He had some fun on stage with the men and women’s lacrosse team of Colby College, who beat out Bates and Bowdoin for the second year in a row in their fundraising challenge, with $25,000 raised. He listened with joy as the students sang the Colby song at the top of their lungs.
“You’ve got a real strong future singing,” he said.
He introduced the oldest rider of the challenge, Don Robitaille, who at 86 is the only member of his family who hasn’t had cancer. Robitaille lost his parents to cancer, and his two brothers and two sisters have cancer now.
Dempsey dove into the crowd, hugging, taking pictures, asking about teams and hearing participants’ stories.
“I’m actually shaking,” said Olivia Reyes of Boston after her hug and selfie with Dempsey. “This is the best day of my life.”
Reyes, wearing a “Grey’s Anatomy” T-shirt, walked the 5k for her grandmother, a two-time cancer survivor.
People grinned ear to ear as they looked down at their phones, the screens displaying a smiling Dempsey and themselves.
“He’s amazing, I mean everything about him,” said Maddie Hatch, a Colby student from Wilbraham, Mass. “He gave me a big hug.”
This is Hatch’s third year participating in the challenge. She said the Dempsey Challenge owes much of its success to Dempsey’s friendly, gracious demeanor.
“He’s so open to taking pictures,” Hatch said. “(The Challenge) wouldn’t go so smoothly if he wasn’t like that. He wants to make sure everyone has a good time, and it’s so obvious he’s doing this because he genuinely cares.”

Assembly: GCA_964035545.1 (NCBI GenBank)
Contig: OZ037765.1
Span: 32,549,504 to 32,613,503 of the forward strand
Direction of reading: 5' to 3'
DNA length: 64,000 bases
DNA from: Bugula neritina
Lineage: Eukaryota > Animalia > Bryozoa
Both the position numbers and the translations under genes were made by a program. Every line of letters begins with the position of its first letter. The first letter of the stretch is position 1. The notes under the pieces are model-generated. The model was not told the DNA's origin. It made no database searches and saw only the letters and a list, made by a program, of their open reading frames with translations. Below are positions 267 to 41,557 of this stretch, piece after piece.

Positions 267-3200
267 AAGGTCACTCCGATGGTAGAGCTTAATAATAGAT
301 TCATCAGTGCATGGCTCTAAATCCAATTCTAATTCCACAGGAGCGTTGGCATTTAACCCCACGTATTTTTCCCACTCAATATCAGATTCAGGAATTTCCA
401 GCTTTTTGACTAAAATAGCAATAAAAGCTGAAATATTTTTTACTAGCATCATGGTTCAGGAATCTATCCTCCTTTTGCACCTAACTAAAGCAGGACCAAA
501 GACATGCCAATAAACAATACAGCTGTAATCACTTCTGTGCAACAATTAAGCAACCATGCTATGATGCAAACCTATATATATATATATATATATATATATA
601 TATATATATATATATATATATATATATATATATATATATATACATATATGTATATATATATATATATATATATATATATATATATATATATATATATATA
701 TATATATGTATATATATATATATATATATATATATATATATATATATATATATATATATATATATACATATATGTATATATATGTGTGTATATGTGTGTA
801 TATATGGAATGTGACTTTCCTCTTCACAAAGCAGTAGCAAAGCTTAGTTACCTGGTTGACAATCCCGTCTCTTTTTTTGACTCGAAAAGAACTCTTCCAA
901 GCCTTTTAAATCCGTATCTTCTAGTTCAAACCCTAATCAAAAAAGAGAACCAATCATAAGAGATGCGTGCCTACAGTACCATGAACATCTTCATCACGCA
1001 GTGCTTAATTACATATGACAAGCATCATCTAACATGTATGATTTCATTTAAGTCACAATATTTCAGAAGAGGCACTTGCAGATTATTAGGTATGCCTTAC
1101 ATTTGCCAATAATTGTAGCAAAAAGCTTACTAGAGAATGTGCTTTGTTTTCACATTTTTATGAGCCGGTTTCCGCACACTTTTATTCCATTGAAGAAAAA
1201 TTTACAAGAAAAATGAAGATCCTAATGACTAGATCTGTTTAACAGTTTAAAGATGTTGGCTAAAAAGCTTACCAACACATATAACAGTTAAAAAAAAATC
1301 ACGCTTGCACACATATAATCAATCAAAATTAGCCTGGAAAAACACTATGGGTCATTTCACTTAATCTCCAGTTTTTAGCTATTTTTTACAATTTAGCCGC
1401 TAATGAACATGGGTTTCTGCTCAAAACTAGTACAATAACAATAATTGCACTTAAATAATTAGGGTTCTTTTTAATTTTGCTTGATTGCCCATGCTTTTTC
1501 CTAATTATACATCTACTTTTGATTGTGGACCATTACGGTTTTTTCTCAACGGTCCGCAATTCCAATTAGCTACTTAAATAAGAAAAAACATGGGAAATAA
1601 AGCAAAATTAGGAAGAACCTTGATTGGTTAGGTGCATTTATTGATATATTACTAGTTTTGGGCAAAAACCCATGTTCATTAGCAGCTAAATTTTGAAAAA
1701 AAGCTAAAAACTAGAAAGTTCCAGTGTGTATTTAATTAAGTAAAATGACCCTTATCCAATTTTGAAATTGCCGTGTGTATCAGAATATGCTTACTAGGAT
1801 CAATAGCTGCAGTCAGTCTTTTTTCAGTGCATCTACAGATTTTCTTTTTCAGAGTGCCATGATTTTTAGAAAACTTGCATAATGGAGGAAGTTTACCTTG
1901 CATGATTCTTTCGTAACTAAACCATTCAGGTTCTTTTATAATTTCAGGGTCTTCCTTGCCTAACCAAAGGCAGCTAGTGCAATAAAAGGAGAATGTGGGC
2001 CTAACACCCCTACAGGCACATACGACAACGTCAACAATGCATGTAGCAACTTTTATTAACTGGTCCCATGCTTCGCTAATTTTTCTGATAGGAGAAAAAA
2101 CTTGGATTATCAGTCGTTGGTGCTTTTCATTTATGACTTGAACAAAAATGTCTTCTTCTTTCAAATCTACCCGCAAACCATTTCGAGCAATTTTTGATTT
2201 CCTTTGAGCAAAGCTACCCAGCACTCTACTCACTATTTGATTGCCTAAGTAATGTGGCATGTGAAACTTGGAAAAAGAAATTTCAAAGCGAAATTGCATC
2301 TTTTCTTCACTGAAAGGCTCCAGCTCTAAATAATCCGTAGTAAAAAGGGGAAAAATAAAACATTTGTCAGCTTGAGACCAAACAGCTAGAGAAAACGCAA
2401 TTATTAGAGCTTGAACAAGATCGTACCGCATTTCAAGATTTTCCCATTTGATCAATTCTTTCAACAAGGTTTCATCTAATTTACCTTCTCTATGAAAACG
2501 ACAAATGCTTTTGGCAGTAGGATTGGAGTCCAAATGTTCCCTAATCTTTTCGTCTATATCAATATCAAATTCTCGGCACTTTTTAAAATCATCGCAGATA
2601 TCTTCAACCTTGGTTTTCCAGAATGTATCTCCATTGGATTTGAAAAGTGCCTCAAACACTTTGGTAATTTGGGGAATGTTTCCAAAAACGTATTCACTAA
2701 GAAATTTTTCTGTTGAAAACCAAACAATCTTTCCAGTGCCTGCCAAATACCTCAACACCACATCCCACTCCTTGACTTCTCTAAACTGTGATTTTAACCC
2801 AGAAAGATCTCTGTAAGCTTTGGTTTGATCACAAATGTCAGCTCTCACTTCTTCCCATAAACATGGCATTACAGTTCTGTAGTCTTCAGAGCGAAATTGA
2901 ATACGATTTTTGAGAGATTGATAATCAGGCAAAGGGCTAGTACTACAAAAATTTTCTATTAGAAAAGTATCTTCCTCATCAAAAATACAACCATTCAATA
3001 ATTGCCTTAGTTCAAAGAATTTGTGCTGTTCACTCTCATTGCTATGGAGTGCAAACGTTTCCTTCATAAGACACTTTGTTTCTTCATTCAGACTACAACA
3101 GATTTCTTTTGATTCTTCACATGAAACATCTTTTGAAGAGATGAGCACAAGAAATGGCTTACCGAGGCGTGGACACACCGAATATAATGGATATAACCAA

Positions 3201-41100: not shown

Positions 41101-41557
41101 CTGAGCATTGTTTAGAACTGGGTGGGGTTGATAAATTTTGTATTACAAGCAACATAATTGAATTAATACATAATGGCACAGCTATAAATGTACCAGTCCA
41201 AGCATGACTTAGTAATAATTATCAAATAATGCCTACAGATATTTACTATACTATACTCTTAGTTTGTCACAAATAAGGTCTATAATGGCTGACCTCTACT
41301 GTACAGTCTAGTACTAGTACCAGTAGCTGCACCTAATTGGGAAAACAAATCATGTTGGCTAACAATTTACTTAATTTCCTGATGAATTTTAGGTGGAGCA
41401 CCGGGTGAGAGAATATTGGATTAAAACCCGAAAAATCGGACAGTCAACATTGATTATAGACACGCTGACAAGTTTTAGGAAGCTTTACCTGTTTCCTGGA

The Amgen Breakaway from Cancer Survivor Walk, a Dempsey Challenge tradition, was an emotional event. A crowd of cancer survivors was led by the Edward Little High School marching band and Dempsey, who walked arm in arm with those he said were “more than survivors; (they’re) thrivers.”
Joining Dempsey in the lead was Amanda Dempsey award-winner Christina Parrish, who said, “You become a survivor the day you’re diagnosed.”
And thrivers and survivors they were. Fighters, even.
Carol Smith of Solon, Ohio, ran in the 5k. She has stage 4 metastatic breast cancer that has spread to her spine.
“I’m going to continue to run,” she said. “I’ll need treatment the rest of my life: surgery, radiation, medication, until we find a cure or the cancer takes me.”
Smith is a member of the Challenge to Conquer Cancer team, which has collectively raised $10 million toward fighting cancer in the past 10 years.
Rebecca Papsis of Lewiston, a member of the team Running for Rebecca’s Rack, walked in the challenge. She was diagnosed with stage 2 breast cancer on June 5 and is in her second round of chemotherapy, with two more treatments left.
“She’s been amazing every step of the way,” said her daughter, Victoria.
As Dempsey himself said, there was “something magical in the air” on Saturday at Simard Payne-Memorial Park.
“This event demonstrates the power of community behind a cause,” Dempsey said.